"I was within and without, simultaneously enchanted and repelled by the inexhaustible variety of life."
I'd read The Great Gatsby two or three times before I read it this time round, and I always left it with a vague sense of admiration but only a hazy idea of what had actually happened in it. I've never actively hated it like I have, say, The Catcher in the Rye (DAMMIT, Holden) but I've never felt much of anything towards it either.
But then. I saw the film, and I liked it so much that it inspired me to read the book again, and lo and behold, was that... Me remembering concrete events? And those concrete events being improved by the GORGEOUS writing (because Fitzgerald writes gorgeously, I don't think that's what makes me not-remember Gatsby)? Amazing! I think that really, my having no prior claim over the book (in terms of wanting to freaking marry it, like most of the film's harshest critics) was a real advantage in watching the movie because I didn't have all these ideas about exactly how everything should be and I could enjoy it for what it was.
Here's why I really liked the movie- reading The Great Gatsby before, I think that what has happened to me is that I read it, take in the language (the gorgeous language, I'll say it again!) and then leave the book with only the vaguest idea of what actually happened. This is the only way I can explain having read the same book more than once and never remembering anything about anything, and that fact has made me completely ambivalent towards the story in the past. What the film has done has given me actual, visual groundwork that I can base my reading upon and actually remember the stuff that happens, and that is reason enough for me to like the film.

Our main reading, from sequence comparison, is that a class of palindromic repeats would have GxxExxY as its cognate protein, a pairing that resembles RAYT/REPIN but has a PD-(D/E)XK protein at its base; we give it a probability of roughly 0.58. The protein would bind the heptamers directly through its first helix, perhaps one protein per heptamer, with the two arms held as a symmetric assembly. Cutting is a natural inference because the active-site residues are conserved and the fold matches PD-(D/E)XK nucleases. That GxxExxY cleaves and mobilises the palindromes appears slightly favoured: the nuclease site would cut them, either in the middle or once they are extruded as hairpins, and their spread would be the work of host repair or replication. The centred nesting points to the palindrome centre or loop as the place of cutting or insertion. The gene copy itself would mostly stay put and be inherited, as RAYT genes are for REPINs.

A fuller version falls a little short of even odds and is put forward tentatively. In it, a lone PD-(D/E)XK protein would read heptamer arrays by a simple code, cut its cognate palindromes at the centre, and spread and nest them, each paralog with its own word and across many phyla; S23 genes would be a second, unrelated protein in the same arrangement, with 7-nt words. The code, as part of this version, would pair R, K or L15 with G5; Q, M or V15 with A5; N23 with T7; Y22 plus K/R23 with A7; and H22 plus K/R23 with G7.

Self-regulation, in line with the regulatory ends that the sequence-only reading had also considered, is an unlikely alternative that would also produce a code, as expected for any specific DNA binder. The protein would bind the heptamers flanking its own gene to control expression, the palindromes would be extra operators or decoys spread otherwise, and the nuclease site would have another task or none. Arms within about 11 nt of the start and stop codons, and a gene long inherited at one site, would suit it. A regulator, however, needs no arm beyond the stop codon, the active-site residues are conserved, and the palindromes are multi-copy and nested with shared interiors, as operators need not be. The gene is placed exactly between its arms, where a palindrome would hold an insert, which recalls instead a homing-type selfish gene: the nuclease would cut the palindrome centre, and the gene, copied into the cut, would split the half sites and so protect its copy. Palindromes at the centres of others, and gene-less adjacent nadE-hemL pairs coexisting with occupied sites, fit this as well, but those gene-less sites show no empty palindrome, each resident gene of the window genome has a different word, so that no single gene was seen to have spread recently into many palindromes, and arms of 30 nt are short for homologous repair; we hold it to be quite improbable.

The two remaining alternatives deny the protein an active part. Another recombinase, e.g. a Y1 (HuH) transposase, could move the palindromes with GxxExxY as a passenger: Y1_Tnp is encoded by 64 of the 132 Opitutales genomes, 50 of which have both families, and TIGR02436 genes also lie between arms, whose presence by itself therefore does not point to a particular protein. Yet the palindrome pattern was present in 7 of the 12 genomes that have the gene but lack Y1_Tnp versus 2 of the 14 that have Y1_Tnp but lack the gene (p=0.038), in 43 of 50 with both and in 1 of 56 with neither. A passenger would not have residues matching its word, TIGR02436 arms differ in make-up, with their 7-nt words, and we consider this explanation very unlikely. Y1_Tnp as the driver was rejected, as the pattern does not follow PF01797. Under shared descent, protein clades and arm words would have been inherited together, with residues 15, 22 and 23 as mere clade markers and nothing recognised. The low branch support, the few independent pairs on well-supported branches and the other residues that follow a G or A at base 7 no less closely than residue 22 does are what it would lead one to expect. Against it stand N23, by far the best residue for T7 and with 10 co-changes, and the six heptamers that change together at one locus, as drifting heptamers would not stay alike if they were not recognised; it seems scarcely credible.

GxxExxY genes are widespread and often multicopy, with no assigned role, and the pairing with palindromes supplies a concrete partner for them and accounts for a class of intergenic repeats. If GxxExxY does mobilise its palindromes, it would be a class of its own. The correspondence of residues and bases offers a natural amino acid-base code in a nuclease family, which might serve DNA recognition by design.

There are other reasons: Leonardo Dicaprio is a really really good Gatsby (I haven't seen the Robert Redford version but I would imagine that he is an EXCELLENT Gatsby, but that's another matter), I think the sets and the decadence and all of that stuff was done really well and Baz Luhrmannly (which, coming from me is a compliment because I really like Baz Luhrmann) and I just generally liked putting it into my eyes and would definitely watch it again. Plus, there's that whole thing where it made me understand and, more importantly, remember the book better, and that's worth its weight in film reel, trust me.
I'm not going to go through the whole story because I'm preeeetty much assuming we all have some idea of what it's all about at this point, but there are a few things in it that are things that, for me, stop it from being the ultimate book of all books that it's often lauded as being. They are these:
- I don't care for any of the characters- And I don't mean that I hate them all, but more that I can barely drum up a single emotion for any of them, and I think we all know that indifference is worse than hate. I don't know what it is, but they're all so... I don't know, distant? that I find it really hard to care about any of them in any genuine way. And I know that's not everything, but when I'm reading? It's pretty much one of the main things I want.
- Daisy- I feel like Daisy carries a lot of the blame for the things that happen (oooh, cryptic) in the story, and I don't think that's fair at all. I mean, she's clearly a terrible person (they're all kind of terrible people, in their own ways) but that doesn't mean that she's wrong for having been in love with her husband, and for being kind of... overwhelmed with the way Gatsby acts towards her. Because, um, having a dude pine after you for five years, knowingly building a house across from where you live and generally tailoring his life so that it'll be perfect for the moment that you come back into it? I don't really see that as romantic, I kind of see STALKER written in bright flashing lights. And then demanding that she say she has always loved him and no one else? I'm sorry Jay, but Daisy's right- that is asking too much. WAY too much.
Ugh, Gatsby. Seriously. But: as I have said THE GORGEOUS WRITING, and there were so many points where I was completely familiar with the things the characters were thinking or feeling and I'm all about the universal feelings and thoughts and the general describing of the human condition in interesting and true ways and this does that a lot. It's never going to be my favourite book, but at least I feel like this time, thanks to a little help from the film, I'm going to remember more about it, and remember that actually, I do like it. I just don't really feel things about it. But maybe that's ok.